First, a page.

Dementia is not a normal part of aging.
Dementia includes multiple diseases that affect the brain. Over months and years, dementia affects the brain more, causing some symptoms to get worse and new ones to appear.
The different types of dementia include:
Alzheimer's disease, the most common dementia, affects the ability to remember new information.
Vascular dementia occurs when blood vessels can't bring enough blood to the brain.
Lewy body dementia is more likely to cause hallucinations and problems with movement.
Is a less common type that causes language problems and changes in personality and behavior.
People with dementia experience the disease in different ways. Many people have "good days" and "bad days".
People in the early stages of dementia often have trouble remembering, paying attention, reasoning, speaking or following conversations. They may struggle to prepare meals, pay bills, take medications or remember directions. They may also go through changes in mood or personality.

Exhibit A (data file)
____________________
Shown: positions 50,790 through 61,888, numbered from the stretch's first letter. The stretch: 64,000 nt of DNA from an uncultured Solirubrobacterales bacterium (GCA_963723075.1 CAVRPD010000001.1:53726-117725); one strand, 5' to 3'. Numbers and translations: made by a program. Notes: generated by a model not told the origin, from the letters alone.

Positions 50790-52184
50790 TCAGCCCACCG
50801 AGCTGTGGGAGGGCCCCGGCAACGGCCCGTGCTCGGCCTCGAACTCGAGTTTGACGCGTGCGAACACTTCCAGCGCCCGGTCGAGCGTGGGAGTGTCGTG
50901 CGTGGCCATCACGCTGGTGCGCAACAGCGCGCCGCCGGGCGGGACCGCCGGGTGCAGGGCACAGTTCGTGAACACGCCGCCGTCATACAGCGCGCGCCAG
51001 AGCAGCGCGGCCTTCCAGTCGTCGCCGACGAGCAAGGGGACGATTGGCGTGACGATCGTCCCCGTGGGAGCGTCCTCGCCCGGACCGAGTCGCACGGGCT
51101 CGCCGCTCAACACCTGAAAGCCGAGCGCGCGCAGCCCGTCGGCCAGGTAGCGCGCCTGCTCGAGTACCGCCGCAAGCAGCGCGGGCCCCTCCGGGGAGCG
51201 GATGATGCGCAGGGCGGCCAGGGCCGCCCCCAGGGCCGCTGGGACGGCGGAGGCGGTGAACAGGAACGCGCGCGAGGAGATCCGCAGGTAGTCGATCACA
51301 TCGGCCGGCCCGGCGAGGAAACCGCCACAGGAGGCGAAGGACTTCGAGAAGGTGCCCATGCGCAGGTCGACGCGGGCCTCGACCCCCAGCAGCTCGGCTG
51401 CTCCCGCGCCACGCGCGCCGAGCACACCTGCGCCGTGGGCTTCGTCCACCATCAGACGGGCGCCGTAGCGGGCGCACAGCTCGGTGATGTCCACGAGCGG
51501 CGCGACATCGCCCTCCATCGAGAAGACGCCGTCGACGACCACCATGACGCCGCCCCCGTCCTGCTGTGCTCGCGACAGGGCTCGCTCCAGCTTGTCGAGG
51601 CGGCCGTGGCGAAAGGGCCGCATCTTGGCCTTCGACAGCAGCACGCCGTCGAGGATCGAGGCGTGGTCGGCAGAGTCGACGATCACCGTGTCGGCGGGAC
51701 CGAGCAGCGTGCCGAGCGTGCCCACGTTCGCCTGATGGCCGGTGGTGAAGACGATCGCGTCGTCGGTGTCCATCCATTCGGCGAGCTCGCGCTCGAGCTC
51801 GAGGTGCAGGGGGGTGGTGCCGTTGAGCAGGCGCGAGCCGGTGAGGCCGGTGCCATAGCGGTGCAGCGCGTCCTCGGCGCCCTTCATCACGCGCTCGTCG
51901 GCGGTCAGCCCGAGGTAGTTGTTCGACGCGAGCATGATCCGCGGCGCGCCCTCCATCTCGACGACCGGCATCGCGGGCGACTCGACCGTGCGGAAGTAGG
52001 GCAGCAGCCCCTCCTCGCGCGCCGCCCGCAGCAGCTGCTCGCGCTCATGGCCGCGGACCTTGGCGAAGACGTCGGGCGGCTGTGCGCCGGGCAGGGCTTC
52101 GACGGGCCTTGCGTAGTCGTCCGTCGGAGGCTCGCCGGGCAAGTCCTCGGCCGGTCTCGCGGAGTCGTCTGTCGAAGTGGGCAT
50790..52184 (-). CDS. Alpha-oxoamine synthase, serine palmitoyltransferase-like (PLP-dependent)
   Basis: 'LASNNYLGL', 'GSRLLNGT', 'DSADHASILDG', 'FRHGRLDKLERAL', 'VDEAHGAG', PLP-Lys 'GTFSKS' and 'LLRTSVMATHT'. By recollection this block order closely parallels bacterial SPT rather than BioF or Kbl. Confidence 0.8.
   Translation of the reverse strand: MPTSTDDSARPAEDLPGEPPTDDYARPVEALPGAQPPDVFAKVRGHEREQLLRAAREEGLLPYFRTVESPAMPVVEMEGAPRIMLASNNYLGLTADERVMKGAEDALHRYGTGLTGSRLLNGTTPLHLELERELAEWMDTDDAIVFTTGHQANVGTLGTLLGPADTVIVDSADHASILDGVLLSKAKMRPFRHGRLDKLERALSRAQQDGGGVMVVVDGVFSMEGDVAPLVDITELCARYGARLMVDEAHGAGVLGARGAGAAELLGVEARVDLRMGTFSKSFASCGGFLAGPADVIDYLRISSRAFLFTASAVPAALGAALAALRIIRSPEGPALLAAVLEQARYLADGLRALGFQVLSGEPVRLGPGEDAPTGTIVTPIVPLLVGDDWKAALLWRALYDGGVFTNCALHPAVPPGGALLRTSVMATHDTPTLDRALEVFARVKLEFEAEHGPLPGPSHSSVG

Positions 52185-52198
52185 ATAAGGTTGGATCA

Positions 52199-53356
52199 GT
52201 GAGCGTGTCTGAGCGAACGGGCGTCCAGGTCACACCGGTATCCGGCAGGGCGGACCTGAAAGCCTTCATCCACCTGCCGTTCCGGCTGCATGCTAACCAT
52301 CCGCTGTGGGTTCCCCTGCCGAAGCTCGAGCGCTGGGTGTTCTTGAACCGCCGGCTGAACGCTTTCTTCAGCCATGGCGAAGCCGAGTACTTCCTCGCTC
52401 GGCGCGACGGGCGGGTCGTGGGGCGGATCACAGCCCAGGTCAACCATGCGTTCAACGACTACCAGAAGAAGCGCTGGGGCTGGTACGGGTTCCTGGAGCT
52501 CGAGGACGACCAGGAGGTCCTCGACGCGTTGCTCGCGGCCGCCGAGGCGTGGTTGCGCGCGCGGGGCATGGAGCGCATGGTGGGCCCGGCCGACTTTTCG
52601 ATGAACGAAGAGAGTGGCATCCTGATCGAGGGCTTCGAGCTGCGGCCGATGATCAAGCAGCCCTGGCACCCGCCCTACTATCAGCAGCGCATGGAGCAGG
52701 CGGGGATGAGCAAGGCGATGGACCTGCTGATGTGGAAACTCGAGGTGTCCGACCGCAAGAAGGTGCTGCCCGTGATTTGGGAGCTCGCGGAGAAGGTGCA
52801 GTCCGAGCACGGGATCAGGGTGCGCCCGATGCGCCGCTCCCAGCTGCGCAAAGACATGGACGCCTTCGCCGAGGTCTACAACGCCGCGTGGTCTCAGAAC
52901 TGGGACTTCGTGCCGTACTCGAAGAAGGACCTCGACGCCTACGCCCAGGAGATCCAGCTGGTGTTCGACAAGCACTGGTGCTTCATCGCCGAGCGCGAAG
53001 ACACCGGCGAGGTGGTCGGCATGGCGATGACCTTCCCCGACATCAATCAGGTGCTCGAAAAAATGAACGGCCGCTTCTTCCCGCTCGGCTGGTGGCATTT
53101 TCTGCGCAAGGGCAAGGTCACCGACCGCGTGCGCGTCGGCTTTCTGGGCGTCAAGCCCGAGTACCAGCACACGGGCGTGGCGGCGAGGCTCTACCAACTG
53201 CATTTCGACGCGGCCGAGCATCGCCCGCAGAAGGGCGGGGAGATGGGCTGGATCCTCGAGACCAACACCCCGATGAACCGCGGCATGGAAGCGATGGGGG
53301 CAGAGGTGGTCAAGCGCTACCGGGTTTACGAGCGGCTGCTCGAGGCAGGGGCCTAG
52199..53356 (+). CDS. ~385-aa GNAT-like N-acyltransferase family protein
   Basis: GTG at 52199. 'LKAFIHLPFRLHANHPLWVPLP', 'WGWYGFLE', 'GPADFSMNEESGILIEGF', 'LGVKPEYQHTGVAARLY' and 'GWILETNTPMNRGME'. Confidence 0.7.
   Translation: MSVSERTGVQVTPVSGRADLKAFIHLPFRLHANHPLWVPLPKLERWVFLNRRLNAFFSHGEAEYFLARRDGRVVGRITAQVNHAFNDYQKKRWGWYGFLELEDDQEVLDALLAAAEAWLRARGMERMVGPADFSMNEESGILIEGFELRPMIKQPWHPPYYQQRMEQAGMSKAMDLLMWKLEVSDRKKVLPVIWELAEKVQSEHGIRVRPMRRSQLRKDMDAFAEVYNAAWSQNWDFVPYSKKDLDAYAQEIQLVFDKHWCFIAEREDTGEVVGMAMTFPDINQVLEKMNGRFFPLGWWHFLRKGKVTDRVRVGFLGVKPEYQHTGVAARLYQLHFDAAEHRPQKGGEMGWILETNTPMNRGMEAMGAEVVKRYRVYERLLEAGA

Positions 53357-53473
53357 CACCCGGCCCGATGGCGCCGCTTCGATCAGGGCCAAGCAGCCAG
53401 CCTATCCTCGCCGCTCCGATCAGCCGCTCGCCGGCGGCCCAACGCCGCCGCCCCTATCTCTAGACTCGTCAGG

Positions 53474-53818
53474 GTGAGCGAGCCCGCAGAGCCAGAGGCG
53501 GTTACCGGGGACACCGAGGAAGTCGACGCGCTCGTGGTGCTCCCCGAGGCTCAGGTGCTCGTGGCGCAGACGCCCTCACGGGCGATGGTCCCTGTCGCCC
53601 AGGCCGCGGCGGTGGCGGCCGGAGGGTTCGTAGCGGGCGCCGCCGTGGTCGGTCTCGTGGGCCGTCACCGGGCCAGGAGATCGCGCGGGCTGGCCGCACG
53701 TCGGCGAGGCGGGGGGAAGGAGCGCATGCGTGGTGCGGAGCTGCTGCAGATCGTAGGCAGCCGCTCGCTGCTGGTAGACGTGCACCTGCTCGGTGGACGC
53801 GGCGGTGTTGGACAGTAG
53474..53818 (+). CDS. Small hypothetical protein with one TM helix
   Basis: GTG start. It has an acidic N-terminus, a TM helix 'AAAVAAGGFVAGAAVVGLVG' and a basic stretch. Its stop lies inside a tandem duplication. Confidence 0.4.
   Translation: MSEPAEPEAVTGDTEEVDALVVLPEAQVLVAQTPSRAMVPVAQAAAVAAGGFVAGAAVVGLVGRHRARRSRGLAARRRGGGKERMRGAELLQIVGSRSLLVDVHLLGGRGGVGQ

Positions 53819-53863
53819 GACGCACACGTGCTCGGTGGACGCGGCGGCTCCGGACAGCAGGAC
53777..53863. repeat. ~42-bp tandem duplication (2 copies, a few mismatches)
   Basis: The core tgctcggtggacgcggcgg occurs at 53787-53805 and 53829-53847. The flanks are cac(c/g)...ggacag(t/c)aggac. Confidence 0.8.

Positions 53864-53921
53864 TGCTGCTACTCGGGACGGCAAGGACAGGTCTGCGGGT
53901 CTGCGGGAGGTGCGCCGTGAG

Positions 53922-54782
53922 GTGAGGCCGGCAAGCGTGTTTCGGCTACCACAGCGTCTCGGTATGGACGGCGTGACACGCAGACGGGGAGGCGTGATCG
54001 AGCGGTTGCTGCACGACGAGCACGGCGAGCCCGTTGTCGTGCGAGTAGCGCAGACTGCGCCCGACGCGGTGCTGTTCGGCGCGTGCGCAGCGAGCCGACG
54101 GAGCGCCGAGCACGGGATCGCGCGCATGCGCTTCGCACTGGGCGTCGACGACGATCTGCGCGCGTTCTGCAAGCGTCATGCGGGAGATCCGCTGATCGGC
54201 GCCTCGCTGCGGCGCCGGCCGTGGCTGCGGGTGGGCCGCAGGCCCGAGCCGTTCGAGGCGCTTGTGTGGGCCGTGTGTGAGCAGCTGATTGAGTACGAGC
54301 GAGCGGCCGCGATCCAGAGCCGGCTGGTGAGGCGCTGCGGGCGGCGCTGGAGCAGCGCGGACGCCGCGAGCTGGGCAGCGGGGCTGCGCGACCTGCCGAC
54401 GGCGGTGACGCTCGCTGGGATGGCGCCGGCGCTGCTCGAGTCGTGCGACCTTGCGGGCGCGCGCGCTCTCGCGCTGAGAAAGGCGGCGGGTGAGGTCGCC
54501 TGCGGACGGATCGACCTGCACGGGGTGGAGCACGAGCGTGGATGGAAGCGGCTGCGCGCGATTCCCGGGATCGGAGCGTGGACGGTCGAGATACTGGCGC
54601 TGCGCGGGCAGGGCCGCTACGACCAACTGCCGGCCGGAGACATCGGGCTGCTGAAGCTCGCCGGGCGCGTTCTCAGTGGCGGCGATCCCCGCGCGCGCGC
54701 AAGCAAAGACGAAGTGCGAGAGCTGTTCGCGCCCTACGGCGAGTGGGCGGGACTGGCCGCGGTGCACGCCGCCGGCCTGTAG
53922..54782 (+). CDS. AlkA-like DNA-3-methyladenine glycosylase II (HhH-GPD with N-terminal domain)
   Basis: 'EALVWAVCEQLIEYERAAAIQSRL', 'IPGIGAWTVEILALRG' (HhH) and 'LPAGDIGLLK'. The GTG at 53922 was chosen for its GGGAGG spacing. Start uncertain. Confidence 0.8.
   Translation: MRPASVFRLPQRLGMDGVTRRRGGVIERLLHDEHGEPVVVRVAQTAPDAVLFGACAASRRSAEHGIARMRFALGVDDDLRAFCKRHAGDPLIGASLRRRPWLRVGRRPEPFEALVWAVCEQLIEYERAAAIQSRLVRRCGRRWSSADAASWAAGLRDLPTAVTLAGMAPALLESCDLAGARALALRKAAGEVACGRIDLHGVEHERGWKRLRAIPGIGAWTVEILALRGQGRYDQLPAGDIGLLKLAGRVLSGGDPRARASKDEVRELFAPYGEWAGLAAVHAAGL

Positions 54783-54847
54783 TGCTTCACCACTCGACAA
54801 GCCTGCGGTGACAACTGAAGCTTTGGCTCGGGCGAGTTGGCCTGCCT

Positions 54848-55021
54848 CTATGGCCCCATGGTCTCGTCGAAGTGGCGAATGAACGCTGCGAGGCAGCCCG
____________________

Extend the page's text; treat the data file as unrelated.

Forgetting things is a common symptom, but memory loss doesn't necessarily mean a person has dementia. Sometimes what looks like dementia can be caused by drug reactions, thyroid problems, depression, infections, alcohol abuse or other treatable conditions.
Health professionals can determine if changes in memory, behavior or mood are due to dementia or other causes.